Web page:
HOWTO: mount samba shares in fstab using a credential file


If you want to mount share files using samba but you don’t want to put the username or password on fstab file, you could use an external file, this is useful if you want to increase a little security since fstab usually is world readable.

Using /etc/fstab

# insecure and common usage
//share/dir /mnt/myshare cifs username=user,password=pass

# more secure usage
mkdir /path/securedir
chmod 0700 /path/securedir
chown root /path/securedir
//share/dir /mt/myshare cifs credentials=/path/securedir/fileshare

cat /path/securedir/fileshare

As you can see, it’s easy and increase a little security if more users can access in you machine.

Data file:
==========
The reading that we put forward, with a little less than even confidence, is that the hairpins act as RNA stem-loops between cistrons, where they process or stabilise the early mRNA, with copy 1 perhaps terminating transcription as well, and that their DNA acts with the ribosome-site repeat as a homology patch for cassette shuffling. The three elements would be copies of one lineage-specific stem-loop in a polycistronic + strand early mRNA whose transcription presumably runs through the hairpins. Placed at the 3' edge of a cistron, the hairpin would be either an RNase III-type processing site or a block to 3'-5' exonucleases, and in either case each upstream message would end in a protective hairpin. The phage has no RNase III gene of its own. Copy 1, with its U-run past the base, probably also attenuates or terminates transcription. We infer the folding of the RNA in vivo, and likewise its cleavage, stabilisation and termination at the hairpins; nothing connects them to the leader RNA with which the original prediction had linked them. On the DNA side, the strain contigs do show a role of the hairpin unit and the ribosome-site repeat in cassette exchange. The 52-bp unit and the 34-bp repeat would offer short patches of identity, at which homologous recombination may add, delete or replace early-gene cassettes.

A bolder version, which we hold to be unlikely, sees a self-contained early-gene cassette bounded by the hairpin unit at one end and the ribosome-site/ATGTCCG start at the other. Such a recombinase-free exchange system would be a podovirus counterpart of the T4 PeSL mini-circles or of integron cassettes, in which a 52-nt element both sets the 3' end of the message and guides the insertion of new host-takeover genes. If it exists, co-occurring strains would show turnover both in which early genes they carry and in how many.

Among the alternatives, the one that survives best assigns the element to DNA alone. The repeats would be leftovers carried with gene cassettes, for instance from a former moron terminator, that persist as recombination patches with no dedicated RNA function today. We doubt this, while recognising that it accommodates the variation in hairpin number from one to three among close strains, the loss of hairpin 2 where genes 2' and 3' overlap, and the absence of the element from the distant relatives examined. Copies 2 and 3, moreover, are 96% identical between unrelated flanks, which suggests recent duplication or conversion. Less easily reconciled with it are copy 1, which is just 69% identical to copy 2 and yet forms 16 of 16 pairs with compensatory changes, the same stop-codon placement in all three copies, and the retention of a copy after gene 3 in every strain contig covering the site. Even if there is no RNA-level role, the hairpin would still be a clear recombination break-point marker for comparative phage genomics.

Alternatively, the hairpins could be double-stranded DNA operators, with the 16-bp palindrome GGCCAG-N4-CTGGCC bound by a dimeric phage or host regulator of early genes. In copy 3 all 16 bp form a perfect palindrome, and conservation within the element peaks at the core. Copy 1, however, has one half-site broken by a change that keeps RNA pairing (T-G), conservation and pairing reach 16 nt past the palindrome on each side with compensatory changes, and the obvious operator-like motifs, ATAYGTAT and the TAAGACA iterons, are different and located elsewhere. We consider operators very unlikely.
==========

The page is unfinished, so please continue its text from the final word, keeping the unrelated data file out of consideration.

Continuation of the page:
of course you can use smbmount too:

smbmount //share/dir /mnt/myshare -o credentials=/path/securedir/fileshare

See you!


9 thoughts on “HOWTO: mount samba shares in fstab using a credential file

  1. Great, I don’t want my pass in fstab!
    THing is thoug that dmesg|tail still tells me no username is specified after a failure.

  2. You may need to install cifs-utils in order to use the credentials file – this would install /sbin/mount.cifs which is required for reading the credentials file….

  3. […] . data.txt echo "$name" echo "$password" I hope you realize that having/storing sensitive password information directly in a script or readable text file is a bit of a security risk. However, some systems, such as samba share mounting, already have a "credentials" option that operates pretty much the same way, since it's safer than including them directly in globally available files like fstab.…edential-file/ […]

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